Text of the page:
While 'Works in Progress' showcases the work of four young
photographers, ‘Women' marks You Khin's first exhibition of paintings
Photo by: Lucy Kinder
You Khin sits in front of his paintings.
Two very different exhibitions will open at Phnom Penh's French Cultural Centre today. "Works in Progress" showcases the work of four Khmer photographers, and "Women" marks You Khin's debut exhibition in Cambodia.
You Khin, who returned to Cambodia in 2004 after 26 years in the Middle East, Africa and Europe, says that he chooses to paint women because they are often oppressed and left without a voice.
"I have travelled around three continents and in all the places I have been to, I have seen that women have a lower status than men. It is universal," he said.
At 62 years of age, the artist says that he wants to document the sadness that he sees when he sometimes looks at women.
"I look into the inside of the mind of the woman and ask why she is not smiling, and I try to illustrate this idea in my paintings," he said.
However, Yet Khin also tries to show that women can liberate themselves from their oppression.
"I try to use symbols of liberty in my paintings. Initially I chose the bird as a symbol of liberty, and then I chose string as a symbol," he said.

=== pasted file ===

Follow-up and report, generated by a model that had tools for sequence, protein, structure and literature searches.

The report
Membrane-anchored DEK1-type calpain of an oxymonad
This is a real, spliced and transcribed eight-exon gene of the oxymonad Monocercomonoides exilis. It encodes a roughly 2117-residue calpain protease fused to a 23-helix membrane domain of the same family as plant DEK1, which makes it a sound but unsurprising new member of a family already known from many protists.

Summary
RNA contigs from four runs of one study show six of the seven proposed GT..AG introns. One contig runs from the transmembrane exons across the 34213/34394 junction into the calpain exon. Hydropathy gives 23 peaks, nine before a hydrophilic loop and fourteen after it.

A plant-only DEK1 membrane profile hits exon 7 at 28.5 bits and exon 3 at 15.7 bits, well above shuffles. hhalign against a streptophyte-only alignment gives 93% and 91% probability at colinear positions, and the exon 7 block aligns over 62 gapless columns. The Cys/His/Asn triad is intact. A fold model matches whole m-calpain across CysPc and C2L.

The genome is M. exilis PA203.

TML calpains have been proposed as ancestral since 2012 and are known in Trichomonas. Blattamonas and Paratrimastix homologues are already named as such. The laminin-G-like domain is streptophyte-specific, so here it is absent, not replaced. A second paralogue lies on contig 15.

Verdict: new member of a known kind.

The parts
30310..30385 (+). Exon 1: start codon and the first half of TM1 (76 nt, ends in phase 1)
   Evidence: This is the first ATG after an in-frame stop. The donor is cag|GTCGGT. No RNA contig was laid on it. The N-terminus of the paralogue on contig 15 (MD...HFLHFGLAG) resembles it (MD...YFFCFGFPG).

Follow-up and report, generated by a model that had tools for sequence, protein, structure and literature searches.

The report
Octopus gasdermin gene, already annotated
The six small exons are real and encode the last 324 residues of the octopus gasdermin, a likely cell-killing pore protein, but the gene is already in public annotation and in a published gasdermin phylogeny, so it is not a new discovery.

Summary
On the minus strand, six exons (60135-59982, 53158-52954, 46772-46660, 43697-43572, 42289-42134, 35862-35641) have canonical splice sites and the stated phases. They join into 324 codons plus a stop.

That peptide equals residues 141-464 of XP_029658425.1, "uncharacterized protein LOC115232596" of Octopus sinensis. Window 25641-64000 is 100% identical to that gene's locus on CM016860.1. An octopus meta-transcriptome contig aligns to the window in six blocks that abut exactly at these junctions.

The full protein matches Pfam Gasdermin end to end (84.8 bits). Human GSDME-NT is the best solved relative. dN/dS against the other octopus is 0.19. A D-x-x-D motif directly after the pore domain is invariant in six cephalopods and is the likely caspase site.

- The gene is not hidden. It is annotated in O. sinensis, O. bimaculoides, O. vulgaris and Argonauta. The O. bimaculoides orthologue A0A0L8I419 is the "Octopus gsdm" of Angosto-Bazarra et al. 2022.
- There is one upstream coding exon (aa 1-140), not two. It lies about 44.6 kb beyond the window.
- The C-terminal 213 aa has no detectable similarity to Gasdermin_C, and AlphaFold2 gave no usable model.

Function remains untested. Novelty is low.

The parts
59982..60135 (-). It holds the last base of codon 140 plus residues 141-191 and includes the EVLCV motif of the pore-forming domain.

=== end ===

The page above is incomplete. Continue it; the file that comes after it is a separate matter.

The artist's use of string is also apparent in his sculptures, which he began working on following his return to Cambodia. And interestingly he uses decaying wood and string to ‘sew' his sculptures together.
"The word string comes from the Sanskrit word sutra, which means sew together, so I bind my sculptures with string," he said.
Recognising the importance of contemporary art, You Khin hopes that Cambodians will keep an open mind while viewing his art.
"My world is modern, and I don't think that many Cambodians understand my art. But this is the beginning," he said. "I want people to come to my show, even if they don't understand it. I want them to ask questions about my work rather than be against it simply because it is different," he said.
Work in progress
"Works in Progress" showcases the work of four young Cambodian photographers who are preparing for this year's PhotoPhnomPenh Festival.
The exhibition is a result of the partnership between the French Cultural Centre and Melon Rouge, a photo agency in Phnom Penh.
Thierry Merre, from Melon Rouge, who instructed the photographer in a series of workshops of which the exhibition is a product, explains that the agency aims to support photographers who are neither novices nor professionals.
"We wanted to work with Khmer photographers who were in a ‘middle stage' of their development. Our support was to be a long-term commitment; we didn't [just] want to work with people for a week or a month," he said.
The project has taken a year, and the works that are presented are a diverse representation of Cambodian photography.
Many of the works showcased are metaphorical works with a universal meaning.
Merre emphasises the importance of ‘fine art' photography.
"All four photographers have come out with original works. They choose their own direction, and they have now arrived at a place where you can say that they are photographic artists," he said.